A woman named CONFUSED-OF-HEART dragged her feet in the dust as she approached Jesus at the well. She couldn’t raise her eyes to him. “I don’t know what I want or how I feel. I have volcanoes and tidal waves inside me and I’m so afraid they will destroy me and those I care about.” Jesus called her to the rim of the well: “See how deep it is, probably so full. But we can only draw up one bucket at a time.” He dropped the bucket over the ledge, filled it a brought it to the top. “Take it slowly,” Jesus urged, “One bucket, one feeling at a time. The well of you is so deep, but I will help you draw yourself into light.”

A woman named APOSTLE raced to Jesus at the well. “Hurry,” she cried, “There’s so much to do! I’m busy, I’m tired, but come on, let’s get moving!” Jesus replied: “Let me stay with you awhile. You are bread for the world, but let me take you, bless you, break you open. Let ME give you to others…”

OUR FAMILY PRAYER TIME………

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This is a great opportunity to gather the Family in Prayer. Having a Prayer Setting really adds to and designates this time as a ‘special’ time together. You might like to have a nice coloured cloth on a coffee table, or on the centre of the Dining Room Table. You will need a candle, Crucifix, Bible …in the opened position, even at the Gospel of the Sunday, and maybe a flower. During Lent you might like to place some purple material on your devotional altar. You might like to create your own permanent ‘sacred space’ in your home, where the Word of God is open, and a small tee light within a fire proof glass, could awaken in the minds and hearts of your family of the ‘real presence’ of God in His Word. Prayer time needs to be able to engage as many of our senses as possible. The burning of some fragrant oil also can evoke in the minds of your family, ‘prayer time’. Someone in the family might like to be the leader of the intercessions, then other family members can share the prayers….everyone can be invited to join is spontaneous shared prayer…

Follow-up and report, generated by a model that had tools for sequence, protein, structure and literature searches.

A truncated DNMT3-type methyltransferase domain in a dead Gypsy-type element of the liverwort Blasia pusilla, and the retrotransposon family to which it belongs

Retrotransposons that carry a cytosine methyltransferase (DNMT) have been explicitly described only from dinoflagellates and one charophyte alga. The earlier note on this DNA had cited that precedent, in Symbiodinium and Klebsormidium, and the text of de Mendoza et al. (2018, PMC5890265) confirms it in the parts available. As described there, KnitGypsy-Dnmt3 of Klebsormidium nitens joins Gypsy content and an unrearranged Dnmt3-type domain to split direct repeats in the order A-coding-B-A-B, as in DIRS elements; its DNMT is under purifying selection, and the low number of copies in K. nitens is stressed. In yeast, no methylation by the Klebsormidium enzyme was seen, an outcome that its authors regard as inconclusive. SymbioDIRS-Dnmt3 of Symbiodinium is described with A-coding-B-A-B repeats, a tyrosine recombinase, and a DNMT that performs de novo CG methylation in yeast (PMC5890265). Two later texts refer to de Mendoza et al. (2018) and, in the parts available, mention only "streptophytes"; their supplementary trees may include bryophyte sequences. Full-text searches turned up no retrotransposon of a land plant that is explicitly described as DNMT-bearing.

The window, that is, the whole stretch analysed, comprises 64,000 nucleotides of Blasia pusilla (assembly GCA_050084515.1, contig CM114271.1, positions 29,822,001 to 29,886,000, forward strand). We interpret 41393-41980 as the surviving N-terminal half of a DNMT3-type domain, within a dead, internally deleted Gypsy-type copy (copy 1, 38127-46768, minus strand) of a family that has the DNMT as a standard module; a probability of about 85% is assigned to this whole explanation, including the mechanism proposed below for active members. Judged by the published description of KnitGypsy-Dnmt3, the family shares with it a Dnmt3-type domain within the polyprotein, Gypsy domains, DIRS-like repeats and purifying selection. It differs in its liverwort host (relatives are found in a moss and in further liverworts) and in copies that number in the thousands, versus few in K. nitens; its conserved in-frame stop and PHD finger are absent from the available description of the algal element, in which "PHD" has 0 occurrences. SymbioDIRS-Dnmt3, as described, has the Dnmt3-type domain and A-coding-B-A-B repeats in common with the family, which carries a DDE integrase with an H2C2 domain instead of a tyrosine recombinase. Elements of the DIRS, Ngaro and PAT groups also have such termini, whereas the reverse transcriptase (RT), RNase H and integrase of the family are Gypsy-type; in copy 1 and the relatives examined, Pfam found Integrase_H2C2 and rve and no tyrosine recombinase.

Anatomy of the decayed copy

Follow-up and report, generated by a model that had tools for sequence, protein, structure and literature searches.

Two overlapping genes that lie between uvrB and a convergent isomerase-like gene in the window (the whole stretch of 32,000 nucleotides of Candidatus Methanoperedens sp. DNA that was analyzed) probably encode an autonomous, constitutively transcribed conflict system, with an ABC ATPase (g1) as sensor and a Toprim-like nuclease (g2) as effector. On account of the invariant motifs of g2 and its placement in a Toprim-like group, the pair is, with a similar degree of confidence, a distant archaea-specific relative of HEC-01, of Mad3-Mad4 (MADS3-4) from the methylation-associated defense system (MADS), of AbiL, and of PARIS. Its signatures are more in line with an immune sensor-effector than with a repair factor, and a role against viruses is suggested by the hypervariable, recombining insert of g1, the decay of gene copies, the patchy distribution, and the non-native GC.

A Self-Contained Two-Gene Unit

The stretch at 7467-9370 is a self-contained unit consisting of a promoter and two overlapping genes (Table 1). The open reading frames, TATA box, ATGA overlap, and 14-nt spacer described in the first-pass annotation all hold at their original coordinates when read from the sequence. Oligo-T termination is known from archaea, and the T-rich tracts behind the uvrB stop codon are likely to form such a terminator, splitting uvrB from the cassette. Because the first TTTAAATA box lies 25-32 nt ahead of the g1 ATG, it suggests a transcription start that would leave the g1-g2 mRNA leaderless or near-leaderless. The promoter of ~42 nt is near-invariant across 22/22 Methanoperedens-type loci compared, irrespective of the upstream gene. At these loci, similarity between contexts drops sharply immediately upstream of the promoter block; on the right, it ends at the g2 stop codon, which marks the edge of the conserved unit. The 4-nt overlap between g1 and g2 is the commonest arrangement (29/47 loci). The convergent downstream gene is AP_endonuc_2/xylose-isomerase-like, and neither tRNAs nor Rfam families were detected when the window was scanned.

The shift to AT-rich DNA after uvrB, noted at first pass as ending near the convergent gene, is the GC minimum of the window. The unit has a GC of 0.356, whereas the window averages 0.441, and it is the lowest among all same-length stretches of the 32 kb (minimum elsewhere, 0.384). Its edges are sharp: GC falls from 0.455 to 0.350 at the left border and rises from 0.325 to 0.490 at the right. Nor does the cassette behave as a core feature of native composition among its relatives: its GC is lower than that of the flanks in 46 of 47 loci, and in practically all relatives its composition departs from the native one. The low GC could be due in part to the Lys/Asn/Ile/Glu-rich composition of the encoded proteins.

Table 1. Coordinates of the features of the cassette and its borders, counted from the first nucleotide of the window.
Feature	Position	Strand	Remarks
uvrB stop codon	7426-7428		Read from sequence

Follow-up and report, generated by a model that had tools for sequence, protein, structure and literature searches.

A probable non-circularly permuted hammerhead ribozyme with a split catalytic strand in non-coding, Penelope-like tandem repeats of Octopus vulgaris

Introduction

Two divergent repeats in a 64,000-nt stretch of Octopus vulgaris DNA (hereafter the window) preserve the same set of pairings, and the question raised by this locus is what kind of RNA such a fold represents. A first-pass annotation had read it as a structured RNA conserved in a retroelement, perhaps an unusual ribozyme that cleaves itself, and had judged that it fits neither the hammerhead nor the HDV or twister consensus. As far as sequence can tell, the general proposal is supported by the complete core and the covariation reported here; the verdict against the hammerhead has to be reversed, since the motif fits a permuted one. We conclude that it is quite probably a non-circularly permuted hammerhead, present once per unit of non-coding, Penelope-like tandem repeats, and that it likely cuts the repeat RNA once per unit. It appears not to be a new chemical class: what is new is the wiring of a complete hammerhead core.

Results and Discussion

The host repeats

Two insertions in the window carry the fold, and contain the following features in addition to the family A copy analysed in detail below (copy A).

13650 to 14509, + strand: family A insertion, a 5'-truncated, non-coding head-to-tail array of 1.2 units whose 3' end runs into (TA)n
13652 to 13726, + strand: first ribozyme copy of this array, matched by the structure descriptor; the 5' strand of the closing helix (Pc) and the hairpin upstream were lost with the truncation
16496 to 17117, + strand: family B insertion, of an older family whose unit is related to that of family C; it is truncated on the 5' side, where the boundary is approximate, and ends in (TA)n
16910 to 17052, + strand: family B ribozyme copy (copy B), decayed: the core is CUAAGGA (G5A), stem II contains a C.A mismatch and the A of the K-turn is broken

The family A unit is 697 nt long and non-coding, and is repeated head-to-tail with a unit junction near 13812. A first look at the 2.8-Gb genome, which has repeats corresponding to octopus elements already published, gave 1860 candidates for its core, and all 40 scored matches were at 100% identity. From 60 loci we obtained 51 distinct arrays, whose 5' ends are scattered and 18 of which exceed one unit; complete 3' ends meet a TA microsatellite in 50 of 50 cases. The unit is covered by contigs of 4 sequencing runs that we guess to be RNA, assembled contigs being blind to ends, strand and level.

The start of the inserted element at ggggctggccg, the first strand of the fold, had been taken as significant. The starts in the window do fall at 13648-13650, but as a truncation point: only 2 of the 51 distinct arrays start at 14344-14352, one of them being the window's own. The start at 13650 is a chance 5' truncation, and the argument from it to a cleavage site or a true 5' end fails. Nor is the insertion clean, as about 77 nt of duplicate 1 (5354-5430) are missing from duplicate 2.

Baptism

LEADER: By the water of baptism we become members of Christ’s Body, the Church. With complete confidence we make known our needs to the Lord.
1. For all Church leaders from pope to parish ministers, that their work be blessed and made fruitful, we pray to the Lord: Lord, graciously hear us.
2. For the leaders of our country and of every nation, that they work together to meet the needs of the poor, we pray to the Lord: Lord, graciously hear us.
3. For those who hunger and thirst for righteousness, justice and peace, that they be satisfied, we pray to the Lord: Lord, graciously hear us.
4. For those who are preparing for adult baptism at Easter, that they look forward to this celebration with fervent joy, we pray to the Lord:
5. For all of us who worship together, that the love of God be abundantly poured into our hearts so we may pour out that love to others, we pray to the Lord: Lord, graciously hear us.
6. For the ill, the aged and the dying, that their hope in God’s merciful love give them comfort and peace, we pray to the Lord: Lord, graciously hear us.
7. For all who have died, especially N. and N., that they rejoice in the glory of God, we pray to the Lord: Lord, graciously hear us.
8. Let’s think back over the past week, and what we have seen on the T.V News, Breaking News on our Mobile Phones and iPads….who are some of the people in our Global village or need our prayers? You might like to share some of these…………., we pray to the Lord: Lord, graciously hear us.
LEADER: Gracious and generous God, help us to worship you in spirit and in truth and to be ever more grateful for your gifts of life and love. We ask this through Christ our Lord. Amen.

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The Blessing……..
Blessing is taken from the Iona Abbey Sacramentary, Scotland.
Iona Abbey is located on the Isle of Iona, just off the Isle of Mull on the West Coast of Scotland. It is one of the oldest and most important religious centres in Western Europe. The abbey was a focal point for the spread of Christianity throughout Scotland and marks the foundation of a monastic community by St. Columba, when Iona was part of the Kingdom of Dál Riata.

Leader: The Cross
ALL WE SHALL TAKE IT.
The bread……………
ALL WE SHALL BREAK IT.
The pain
ALL WE SHALL BEAR IT.
The joy………………
ALL WE SHALL SHARE IT.
The Gospel……………
ALL WE SHALL LIVE IT.
The love…………
ALL WE SHALL GIVE IT.
The light……………
ALL WE SHALL CHERISH IT.
The darkness…………….
ALL WE SHALL PERISH IT. Amen.

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Fr Kevin Walsh
 Email: kevin.w3@bigpond.com Web:https://realhomilies.wordpress.com/